SFF kicked off with with a really tasty pilgrimage to Mother Chu's Vegetarian Kitchen. The miso sauce tastes like delicious gravy which I've been craving SO badly since I went vego, even more so now that the weather has turned London on me. Need to go back and check out the rest of the menu when I have more than half an hour to reverse-vomit my food. I was in a really inexplicable panicky rush before dinner; must have been generously taking on some of the opening night stress that was blowing over from George Street and the State Theatre.

We skipped the feel-good footy flick to check out The Agony and The Ecstasy of Phil Spector, and from all reports, we didn't miss out. I only heard a couple of cheerful reviews of Looking for Eric, but most people I spoke to seemed dissapointed.

Spector, on the other hand, was brilliant. I haven't laughed out loud that much in a film in a really long time. I love the feeling of being in a packed cinema and hearing all the different kinds of laughs explode at once. Spector is an incredible character with perfect comic timing, and I found his celebration of himself above all others completely endearing. The documentary itself was well paced, but i found the onslaught of information at times was irritating. If I'm reading a quote, I don't want to be listening to a voiceover and listening to a pop tune vocal at the same time. I also would have liked to have seen a bit more older footage of Spector himself rather than the media circus surrounding his trial. The constant court CU montages annoyed me after a while. Having said that, I loved the film overall, and walked out convinced he was innocent. You can taste test the first few minutes of it here.

We then made our way down to the water to see Bluebeard. A few smashed champagne glasses and a choctop disaster later, we sat back to enjoy Catherine Breillat's interpretation of the classic fable. I'd read some really good things about this film; that it was a feminist reimagining, that the director was known for dealing explicitly with sex and violence. I was expecting a glistening black fairytale told through a little girl's horrific imagination, but I was disapointed. It wasn't a feminist reading at all; if anything there was a glaring commentary on the equality of evil between the sexes. I liked the script but the art direction felt at worst forced and distracting and at best undercooked to me. I quite enjoyed the two gingham-aproned narrators but I thought that the cuts to them could have been more elegant and their inclusion in their storyworld more fantastical. The blood-skating scene missed the mark completely for me. The blood wasn't dark enough, the child wasn't sinister enough, the corpses weren't abject enough. Corpses were a bit of a problem in this film, apparently. The dead father was visibly breathing while they mourned him, which is always distracting. However, on the most part, this felt like a well acted film that in the end was poorly captured.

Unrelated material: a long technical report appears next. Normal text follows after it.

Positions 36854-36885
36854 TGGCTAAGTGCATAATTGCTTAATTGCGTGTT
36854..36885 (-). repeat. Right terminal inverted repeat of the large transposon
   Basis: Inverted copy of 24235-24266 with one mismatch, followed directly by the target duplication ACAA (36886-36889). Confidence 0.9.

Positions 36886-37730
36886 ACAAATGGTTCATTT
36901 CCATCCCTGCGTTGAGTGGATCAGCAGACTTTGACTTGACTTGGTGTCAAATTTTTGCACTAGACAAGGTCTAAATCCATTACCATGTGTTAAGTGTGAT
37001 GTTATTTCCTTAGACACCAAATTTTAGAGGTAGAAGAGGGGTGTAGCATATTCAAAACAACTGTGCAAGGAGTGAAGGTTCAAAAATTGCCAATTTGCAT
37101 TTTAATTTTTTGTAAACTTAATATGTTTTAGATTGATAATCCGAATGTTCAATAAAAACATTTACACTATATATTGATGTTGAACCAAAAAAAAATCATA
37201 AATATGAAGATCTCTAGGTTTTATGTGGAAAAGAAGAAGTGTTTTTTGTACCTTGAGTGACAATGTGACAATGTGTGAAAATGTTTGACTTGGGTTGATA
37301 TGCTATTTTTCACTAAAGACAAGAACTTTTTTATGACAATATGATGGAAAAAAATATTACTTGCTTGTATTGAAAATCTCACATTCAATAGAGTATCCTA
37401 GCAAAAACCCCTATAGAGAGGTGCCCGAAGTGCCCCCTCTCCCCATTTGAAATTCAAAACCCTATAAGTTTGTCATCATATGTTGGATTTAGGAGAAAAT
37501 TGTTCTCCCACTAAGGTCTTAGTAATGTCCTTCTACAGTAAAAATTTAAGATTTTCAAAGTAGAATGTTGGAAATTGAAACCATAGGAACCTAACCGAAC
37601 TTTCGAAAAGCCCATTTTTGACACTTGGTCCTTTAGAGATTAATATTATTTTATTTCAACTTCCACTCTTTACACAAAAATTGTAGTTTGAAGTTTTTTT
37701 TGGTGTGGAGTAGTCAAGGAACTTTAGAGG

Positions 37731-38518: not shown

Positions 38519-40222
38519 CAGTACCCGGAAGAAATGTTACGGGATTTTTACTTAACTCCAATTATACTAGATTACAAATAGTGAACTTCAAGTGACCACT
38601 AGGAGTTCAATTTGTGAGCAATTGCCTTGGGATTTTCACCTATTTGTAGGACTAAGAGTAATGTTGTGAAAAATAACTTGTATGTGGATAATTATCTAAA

We collected our thoughts at Tank Stream, which is surprisingly quite nice on a Wednesday night, before we got word that OVSS was all go and we made our way over to the always horrific Est for the afterparty. The crowd was for the most part distinctively lame. Wall to wall boredom with a little bit of celebrity shine glittering about the place. Though there was this really cute girl in a ninja turtles shirt who wanted to hold my hand all night. Vic and I threw some punk technicolor on the dancefloor inamongst the superdrunk suits. And the CC and dry from the open bar lifted my post-Bluebeard funk fairly quickly. I'll augment these tales with some pictorial evidence just as soon as I decide which pictures contain the least litigious looking champagne sluz.

Wednesday, June 3, 2009

flying bombshell

for a little over a day, my best friend was back in town and we hid from the rain and we ate savoury things at small tables and the world felt normal again.

Monday, June 1, 2009

i woke up and it was winter

I don't think I turned my lipstick red radio off between 1996 and 2003. Led Zeppelin and the Doors ruled the cars and the backyard. Jethro Tull played in the lounge room when no one was practicing the piano. 702 chattered constantly from behind the jug in the kitchen. Aretha Franklin pumped out of the family room over the vacuum cleaner. And in my room, the little red wireless on the floor by my window was constantly tuned to Triple J.

Mid way through last month, the Lucksmiths, one of the bands that played to me in my bedroom while did important teenage things like cutting out shapes for my wall collages and writing passionately all over my inflatable chair with permanent marker, announced that they're doing a farewell tour in August. I'm going. Band wakes slay me. Is that perverse?